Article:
When you identify who you are by certain distinguishing characteristics, it is hard to see yourself in any other way. For me, I have always been the “perpetually single girl.” I have recently started dating someone and it’s a strange adjustment, shedding the skin of my former self.
It is from being single that I have experiences in which I find comedy. So this transition towards a relationship is an adjustment.
My M.O. has always been, as Groucho Marx perfectly quoted, “I don’t want to belong to any club that will accept me as a member.” To that effect, I have been known to disregard and almost find disgust in those who made it known that they had a crush on me. The boys who would do anything for me, go above and beyond, they annoyed me. There is this innate resistance I have, and I wish I had a real understanding of why it is there. Anyone know a good therapist?
The boys I fell for were the ones who could never fully commit. I was crushing big time on a co-worker who one magical night, got me wasted and slept with me. In my mind, this was it. In his mind, he was figuring out how soon he could get me out of his apartment so that no one found out that he cheated on his girlfriend. The ones I’ve liked and chased, they were the ones that deep down I knew were never going to commit. And this worked for me, because I realize, I feared that very thing.
I have always known, and preached however, feeling the fear and doing it anyway. I have applied this to other aspects of my life; I moved from New York to Los Angeles, to pursue a risky and unstable career path. I bungee jumped off a bridge over a menacing looking river while traveling in New Zealand. I ate a grasshopper (it was gross).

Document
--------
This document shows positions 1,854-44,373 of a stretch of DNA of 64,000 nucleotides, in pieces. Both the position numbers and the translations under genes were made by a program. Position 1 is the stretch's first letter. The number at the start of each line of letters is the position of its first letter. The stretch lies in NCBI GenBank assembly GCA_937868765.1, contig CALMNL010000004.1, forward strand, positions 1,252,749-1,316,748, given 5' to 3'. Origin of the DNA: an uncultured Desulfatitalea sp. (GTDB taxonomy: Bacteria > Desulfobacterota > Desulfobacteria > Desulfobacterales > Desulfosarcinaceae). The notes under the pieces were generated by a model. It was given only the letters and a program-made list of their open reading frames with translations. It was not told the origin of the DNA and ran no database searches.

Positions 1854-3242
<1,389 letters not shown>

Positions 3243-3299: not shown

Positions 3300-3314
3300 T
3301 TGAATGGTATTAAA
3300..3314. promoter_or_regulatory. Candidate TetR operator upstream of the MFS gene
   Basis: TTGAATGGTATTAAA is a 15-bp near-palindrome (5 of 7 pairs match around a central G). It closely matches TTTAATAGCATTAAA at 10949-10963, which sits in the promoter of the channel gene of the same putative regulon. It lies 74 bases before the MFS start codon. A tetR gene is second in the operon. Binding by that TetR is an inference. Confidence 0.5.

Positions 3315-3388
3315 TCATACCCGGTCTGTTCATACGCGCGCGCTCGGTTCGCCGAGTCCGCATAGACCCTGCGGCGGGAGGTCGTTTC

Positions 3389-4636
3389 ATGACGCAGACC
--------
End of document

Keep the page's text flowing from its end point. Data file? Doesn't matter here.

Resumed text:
There is also a comfort I have in being single. Dare I say it, I even like being single. There is an obvious stigma against it, as you get older. It’s hard for anyone to believe that this would be a choice one would make. Yet, being single has its benefits. There is a freedom you have that someone in a relationship does not. You can be selfish. You can take off and travel without feeling tied down. You can spend your money on only you. And, there is the comfort of having the ability to go home, binge watch Netflix and then get a full night’s sleep.
In the early stages of a relationship there is an expectation that you will spend a good amount of your time now with this new person. And while yes, if it is the right person, it too will be enjoyable, but it is outside the comfort zone. And, I hate shaving and waxing is expensive. Avoiding those two things is a luxury that only singles really have.
I have to remind myself though, that being single if you are dating can also be hellish. Having to carry on the same, generic conversation, over and over again, with often complete strangers (thank you online dating) is taxing.
Or, he is talking to your friend on the same app that you two just met on. So, the struggle is real.
I am practically conditioned to expect that my life to go back to the norm, which for me means being single, after a few months at the most. Yet, I have to resist the urge to fight change, when this time change could actually bring good to my life. I just feel bad if I do eventually claim someone as my “boyfriend,” that he will now become my new subject of comedic tales. With the right guy though, he may just not mind.